All of a sudden there were a few clear February days in which a launch window had opened, and it had opened wide. Little wind, clear skies and five rocketeers from the Hornchurch Airfield Rocket Team (H.A.R.T.) all congregated around the old British WW2 airfield site.
One by one we all primed our aeronautical machines. Laurie started the proceedings by launching a heavily payloaded Bail out which flew about 100 meters and then landed 10 meters from the launch site. This was noticed by Peter who made a hasty exit - he has obviously had similar experiences before.
Dave decided to impress us all with his Mercury Altas. Its slow gut-renching lift off looked great. It survived a landing with only a partially opened chute too.
Keith launched a Thunderhawk which proceeded to jettison its engine mount. With such little weight it took ages to come down. If we'd have known, we could have made a cup of tea whilst waiting!
Peter Flew a Alpha 3 - O.K., and then a Skywinder which fired its ejection charge about 3 feet from the ground and it survived. I'm not sure if Peter's nerves had survived though.
Laurie's Shuttle took off and curved away into a earthbound trajectory. It punched a hole in the soft grass and then the ejection charge fired spewing the engine backwards. Somehow it remained in one piece though.
We needed some successful flights.....
Keith fired his Manta and the glider did a fantastic glide. Unfortunately, Keith was the only person not to see it as it flew into the sun.
Dave launched his ARV Condor. As the two gliders separated from the body, a seagull flew past and the cameraman zoomed in on it saying how similar the glider looked to birds! Silly me. No wonder I thought they flew well!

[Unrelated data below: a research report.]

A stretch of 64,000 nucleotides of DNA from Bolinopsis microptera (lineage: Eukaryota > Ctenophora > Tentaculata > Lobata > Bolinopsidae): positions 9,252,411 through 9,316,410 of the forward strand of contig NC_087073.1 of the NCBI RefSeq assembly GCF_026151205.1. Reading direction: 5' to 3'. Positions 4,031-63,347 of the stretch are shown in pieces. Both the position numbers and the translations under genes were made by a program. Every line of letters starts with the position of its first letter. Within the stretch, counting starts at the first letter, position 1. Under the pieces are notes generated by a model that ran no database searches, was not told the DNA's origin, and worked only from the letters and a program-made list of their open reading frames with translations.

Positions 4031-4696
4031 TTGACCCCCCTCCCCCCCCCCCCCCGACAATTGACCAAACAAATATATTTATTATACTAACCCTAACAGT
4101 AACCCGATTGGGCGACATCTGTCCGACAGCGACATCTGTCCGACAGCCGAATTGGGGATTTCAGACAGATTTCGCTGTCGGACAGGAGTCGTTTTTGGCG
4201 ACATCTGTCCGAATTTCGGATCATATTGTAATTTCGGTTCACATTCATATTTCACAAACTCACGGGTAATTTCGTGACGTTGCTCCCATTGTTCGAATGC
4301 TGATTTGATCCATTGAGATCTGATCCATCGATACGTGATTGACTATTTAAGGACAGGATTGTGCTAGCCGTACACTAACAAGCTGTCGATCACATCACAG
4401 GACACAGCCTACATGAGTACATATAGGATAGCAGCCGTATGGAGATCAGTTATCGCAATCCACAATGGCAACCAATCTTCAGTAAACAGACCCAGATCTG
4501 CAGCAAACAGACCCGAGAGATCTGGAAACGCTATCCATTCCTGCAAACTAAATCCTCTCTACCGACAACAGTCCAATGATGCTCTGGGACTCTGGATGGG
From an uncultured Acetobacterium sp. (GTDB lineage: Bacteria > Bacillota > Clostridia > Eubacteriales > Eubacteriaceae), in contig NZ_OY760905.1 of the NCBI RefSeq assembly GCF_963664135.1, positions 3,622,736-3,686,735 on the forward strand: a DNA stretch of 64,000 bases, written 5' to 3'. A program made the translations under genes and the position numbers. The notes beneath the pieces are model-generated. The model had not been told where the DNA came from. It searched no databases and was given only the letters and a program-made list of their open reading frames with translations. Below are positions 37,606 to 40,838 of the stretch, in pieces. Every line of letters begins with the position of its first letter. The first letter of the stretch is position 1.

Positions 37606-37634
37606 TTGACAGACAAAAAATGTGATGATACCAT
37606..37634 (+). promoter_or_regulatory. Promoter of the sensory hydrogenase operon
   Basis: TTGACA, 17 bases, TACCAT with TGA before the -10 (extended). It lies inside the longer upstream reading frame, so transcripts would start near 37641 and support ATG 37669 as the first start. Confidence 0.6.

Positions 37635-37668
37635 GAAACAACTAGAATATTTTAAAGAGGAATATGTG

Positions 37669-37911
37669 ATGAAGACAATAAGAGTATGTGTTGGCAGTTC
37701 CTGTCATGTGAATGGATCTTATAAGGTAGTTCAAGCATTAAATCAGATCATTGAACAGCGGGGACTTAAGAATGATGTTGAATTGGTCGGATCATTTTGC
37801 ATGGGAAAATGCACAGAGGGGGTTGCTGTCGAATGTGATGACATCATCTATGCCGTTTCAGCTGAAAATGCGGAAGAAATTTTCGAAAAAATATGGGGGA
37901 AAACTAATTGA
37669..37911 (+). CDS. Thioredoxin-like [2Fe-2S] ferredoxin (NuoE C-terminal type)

Peter's Phoenix is like a iron fist in a velvet glove, punching skywards. It did yet another perfect flight.
Laurie decided today was the day to launch his Merlin (a Zinger) on its biggest engine. This is a rocket with attitude. Aeronautical pornography. It can snap knicker elastic at 50 paces. Whoooosh and off it went....and went.....and went.....and then we saw it a minute later and Laurie had a smile bigger than the Grand Canyon.
O.K. said Dave. He loaded his Commanche 3 onto the launch pad. If the Merlin could fly today, then the Commanche was going to as well. 5..4..3..2..1. Lift off.... and it did a stonking first stage....second stage O.K. albeit at a angle of 45 degrees.. then something went wrong and 3 wings broke off. The result propelled the striken craft into a flight parallel with the ground as the last stage took over... still trying to fly it coasted until the ejection charge fired then then it was all over in a mish mash of decending bits and pieces which cascaded around the launch site. We all searched for the remains and got some bits - but not many. Perhaps the wadding was too tight. Dave looked disappointed but in the true spirit of a H.A.R.T. Rocketeer vowed to build another Commanche. he'll be back.
So will the rest of us. Watch the skies.......